Thursday, April 11, 2013

Why team building is out and team growing is in

The old model of “building” a great team is outdated.

The concept of growing a team instead of building a team has been around a long time. It seems to have started with Frederick P Brooks in his book “The mythical man-month” written over 30 years ago. He believed that:

“The building metaphor has outlived its usefulness. The conceptual structures we construct today are too complicated to be accurately specified in advance and too complex to be built faultlessly, then we must take a radically different approach”.

This concept continues to be reinforced by current day commentators. Sir Ken Robinson, the leading British educationalist, writes in his book “The Element” that:

“Farmers base their livelihoods on raising crops but they don’t make plants grow. They don’t attach the roots, glue on the petals or colour the fruit. The plant itself grows. Farmers and gardeners provide the conditions for growth. Good farmers know what those conditions are, and bad ones don’t”.

Peter Senge the author of “The Learning Organisation” is also quoted as saying:

“The most universal challenge that we face is the transition from seeing our human institutions as machines to seeing them as embodiments of nature. We keep bringing in mechanics when what we need are gardeners”.

The problem
So why do we persist with the term “team building”?

I believe it’s because it’s easier for many technical managers to deal with inanimate objects than it is to deal with people. Building involves taking materials and logically turning them into something productive. You can determine in advance what you want to achieve and, with the right skills and equipment, reproduce an exact replica of a blueprint.

People aren’t like that. Just because someone has the skills to perform a role doesn’t mean they will perform it. Just because a reporting structure should work doesn’t mean it will work. Just because you give someone the title of manager doesn’t mean they can manage. Things get in the way. Things like personalities, past experiences and perceptions.

We have moved on from the industrial age and are now in the information age. People are at the heart of most organisations.  Today, most successful organisations are based on intellectual capital not capital works. So stop treating people like pieces of wood you can build into a structure and start treating them like living beings that will naturally grow if given the right conditions.

Like a good garden, what makes a good team comes down to intangibles and most technical managers aren’t good at dealing with them. They want the black and white, right and wrong, one size fits all solution.

Gardeners know that doesn’t work.

They know you can put five plants in the same garden bed, four will thrive and one will die. Often there is no logic to it, just as with people. You can do all the right things . . . give them good soil, water them, fertiliser them regularly and protect them from pests and they will still die! That’s nature.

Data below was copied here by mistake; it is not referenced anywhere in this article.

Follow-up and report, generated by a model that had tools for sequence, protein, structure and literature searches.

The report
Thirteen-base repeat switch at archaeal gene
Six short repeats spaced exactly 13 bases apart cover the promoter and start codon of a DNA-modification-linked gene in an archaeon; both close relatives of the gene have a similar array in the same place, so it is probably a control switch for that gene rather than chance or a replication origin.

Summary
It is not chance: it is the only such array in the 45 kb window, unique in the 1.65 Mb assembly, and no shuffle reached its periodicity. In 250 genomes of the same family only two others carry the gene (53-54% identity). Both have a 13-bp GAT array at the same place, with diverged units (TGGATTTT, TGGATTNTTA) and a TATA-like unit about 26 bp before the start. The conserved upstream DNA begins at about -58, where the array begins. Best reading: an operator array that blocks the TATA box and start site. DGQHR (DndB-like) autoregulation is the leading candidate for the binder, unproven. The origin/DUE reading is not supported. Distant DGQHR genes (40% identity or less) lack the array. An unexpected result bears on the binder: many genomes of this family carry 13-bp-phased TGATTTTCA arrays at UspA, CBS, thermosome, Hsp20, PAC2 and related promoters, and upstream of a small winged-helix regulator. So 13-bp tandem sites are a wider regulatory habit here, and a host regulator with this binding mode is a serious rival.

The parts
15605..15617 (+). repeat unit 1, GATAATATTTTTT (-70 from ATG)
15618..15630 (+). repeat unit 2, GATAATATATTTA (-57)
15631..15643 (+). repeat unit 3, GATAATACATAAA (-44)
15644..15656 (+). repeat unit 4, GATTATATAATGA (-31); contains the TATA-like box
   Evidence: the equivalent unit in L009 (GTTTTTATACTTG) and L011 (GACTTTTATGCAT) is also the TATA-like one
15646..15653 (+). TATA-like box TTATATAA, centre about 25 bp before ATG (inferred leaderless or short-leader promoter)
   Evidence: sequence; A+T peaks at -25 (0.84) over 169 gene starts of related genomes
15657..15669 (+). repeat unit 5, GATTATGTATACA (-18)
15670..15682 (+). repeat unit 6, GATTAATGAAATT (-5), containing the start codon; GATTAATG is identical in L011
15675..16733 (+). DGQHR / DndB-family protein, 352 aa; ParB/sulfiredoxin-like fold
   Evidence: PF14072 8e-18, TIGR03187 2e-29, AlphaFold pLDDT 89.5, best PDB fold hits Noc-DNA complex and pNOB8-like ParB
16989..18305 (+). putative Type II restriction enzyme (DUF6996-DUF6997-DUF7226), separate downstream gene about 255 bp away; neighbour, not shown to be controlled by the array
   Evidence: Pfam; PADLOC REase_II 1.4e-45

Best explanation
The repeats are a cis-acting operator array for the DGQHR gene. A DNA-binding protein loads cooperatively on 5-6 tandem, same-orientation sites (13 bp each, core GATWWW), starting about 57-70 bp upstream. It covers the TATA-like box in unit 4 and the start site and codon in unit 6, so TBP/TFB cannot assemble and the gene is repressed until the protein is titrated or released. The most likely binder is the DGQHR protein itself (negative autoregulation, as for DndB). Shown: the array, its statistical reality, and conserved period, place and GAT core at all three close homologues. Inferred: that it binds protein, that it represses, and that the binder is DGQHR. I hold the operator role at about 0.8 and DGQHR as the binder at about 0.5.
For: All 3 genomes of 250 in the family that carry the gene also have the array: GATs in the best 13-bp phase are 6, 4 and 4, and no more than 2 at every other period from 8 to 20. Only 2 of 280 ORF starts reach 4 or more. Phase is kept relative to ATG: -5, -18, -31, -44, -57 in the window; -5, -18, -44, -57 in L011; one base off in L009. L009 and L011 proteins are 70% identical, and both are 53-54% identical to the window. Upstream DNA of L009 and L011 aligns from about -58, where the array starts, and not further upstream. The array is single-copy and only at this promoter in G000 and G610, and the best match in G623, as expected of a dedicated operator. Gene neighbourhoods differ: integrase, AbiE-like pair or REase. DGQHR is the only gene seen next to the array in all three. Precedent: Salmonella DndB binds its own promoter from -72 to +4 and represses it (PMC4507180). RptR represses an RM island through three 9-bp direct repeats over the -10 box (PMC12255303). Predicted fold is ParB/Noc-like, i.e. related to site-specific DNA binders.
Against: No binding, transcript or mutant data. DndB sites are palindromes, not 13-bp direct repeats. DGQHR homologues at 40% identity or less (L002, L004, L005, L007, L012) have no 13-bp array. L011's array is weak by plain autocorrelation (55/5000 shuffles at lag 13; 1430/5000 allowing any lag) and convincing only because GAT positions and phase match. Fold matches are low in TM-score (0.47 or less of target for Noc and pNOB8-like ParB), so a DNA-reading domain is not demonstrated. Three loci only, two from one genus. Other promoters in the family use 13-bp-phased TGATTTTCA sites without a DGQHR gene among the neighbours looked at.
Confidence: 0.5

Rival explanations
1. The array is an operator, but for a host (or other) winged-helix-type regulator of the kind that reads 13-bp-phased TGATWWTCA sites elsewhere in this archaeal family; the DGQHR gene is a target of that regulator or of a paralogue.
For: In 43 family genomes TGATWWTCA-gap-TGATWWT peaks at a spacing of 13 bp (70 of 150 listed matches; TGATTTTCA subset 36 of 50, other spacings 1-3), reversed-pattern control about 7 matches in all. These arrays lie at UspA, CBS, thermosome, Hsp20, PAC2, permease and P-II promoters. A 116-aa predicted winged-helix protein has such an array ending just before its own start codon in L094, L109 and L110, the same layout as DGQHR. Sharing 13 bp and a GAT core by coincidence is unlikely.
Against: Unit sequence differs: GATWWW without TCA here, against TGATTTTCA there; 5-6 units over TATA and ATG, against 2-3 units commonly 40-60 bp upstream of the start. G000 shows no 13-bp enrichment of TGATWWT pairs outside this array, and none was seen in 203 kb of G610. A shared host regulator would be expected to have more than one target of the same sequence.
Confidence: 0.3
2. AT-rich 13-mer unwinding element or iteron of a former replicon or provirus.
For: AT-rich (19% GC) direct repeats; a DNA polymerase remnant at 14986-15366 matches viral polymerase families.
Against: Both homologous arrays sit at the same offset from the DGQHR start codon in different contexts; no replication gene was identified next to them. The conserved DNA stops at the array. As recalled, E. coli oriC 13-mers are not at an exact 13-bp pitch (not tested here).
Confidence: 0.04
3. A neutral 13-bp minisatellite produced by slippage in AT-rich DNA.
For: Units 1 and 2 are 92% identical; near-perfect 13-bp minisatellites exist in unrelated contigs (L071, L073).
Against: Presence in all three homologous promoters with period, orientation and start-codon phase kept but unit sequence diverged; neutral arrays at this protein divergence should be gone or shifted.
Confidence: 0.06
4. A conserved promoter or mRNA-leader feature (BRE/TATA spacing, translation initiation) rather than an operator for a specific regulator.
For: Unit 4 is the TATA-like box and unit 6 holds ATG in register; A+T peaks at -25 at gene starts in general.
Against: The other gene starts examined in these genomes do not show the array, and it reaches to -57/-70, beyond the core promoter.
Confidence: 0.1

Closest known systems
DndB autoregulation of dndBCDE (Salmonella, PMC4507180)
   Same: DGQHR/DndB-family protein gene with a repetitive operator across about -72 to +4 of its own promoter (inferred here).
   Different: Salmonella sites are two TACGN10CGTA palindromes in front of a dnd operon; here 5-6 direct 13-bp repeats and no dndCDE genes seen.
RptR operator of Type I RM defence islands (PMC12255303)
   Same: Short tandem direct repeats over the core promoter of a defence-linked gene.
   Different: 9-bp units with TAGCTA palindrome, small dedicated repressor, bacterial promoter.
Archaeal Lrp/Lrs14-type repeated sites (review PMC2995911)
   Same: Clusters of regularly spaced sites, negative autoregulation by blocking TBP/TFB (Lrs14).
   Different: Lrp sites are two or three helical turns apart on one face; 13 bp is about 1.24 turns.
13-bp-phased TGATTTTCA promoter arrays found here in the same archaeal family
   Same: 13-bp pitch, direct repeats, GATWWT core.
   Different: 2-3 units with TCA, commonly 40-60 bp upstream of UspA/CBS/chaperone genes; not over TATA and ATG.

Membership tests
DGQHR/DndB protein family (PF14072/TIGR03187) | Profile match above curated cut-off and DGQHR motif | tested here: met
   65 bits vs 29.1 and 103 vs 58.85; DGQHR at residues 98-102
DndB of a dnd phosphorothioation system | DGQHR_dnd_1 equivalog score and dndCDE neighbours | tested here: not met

You can’t command a plant to grow faster and you can’t command a person to work harder.

So let’s stop talking about team building and start talking about team growing. Let’s look at what we can do to let people naturally develop rather than force them to conform to our plan.

The solution
As a keen gardener and someone who advises organisations on leadership development and employee engagement, I can see that there are many similarities between creating a thriving garden and creating a thriving organisation.  

Whether you have one pot plant sitting on your desk (one employee) or a plot of land that would rival the botanic gardens (many employees) the basic rules are the same. Get it right and your plants will thrive (your people will grow). Get it wrong and you will be left with a dead and dying garden (high turnover or, even worse, high disenagement). 

My workplace gardening philosophy is based on the same principles that successful gardeners follow.

1.     Great teams aren’t built, they grow organically
2.     Work with the nature of your people, not against it
3.     People will grow at their own pace, not yours
4.     You can’t force people to grow, you can only set up the conditions for it to happen
5.     The difference between having a green thumb and a brown thumb isn’t knowledge or skill, it’s attitude

I believe those organisations that will thrive in the future are the ones that embrace the concept of team growing rather than sticking with the outdated model of team building.

Are you going to be one of the leaders who are forging ahead or are you going to be left behind as others around you learn the secrets to growing in changing times? Make an investment now in the future of your people.

Become a workplace gardener and watch your organisation bloom!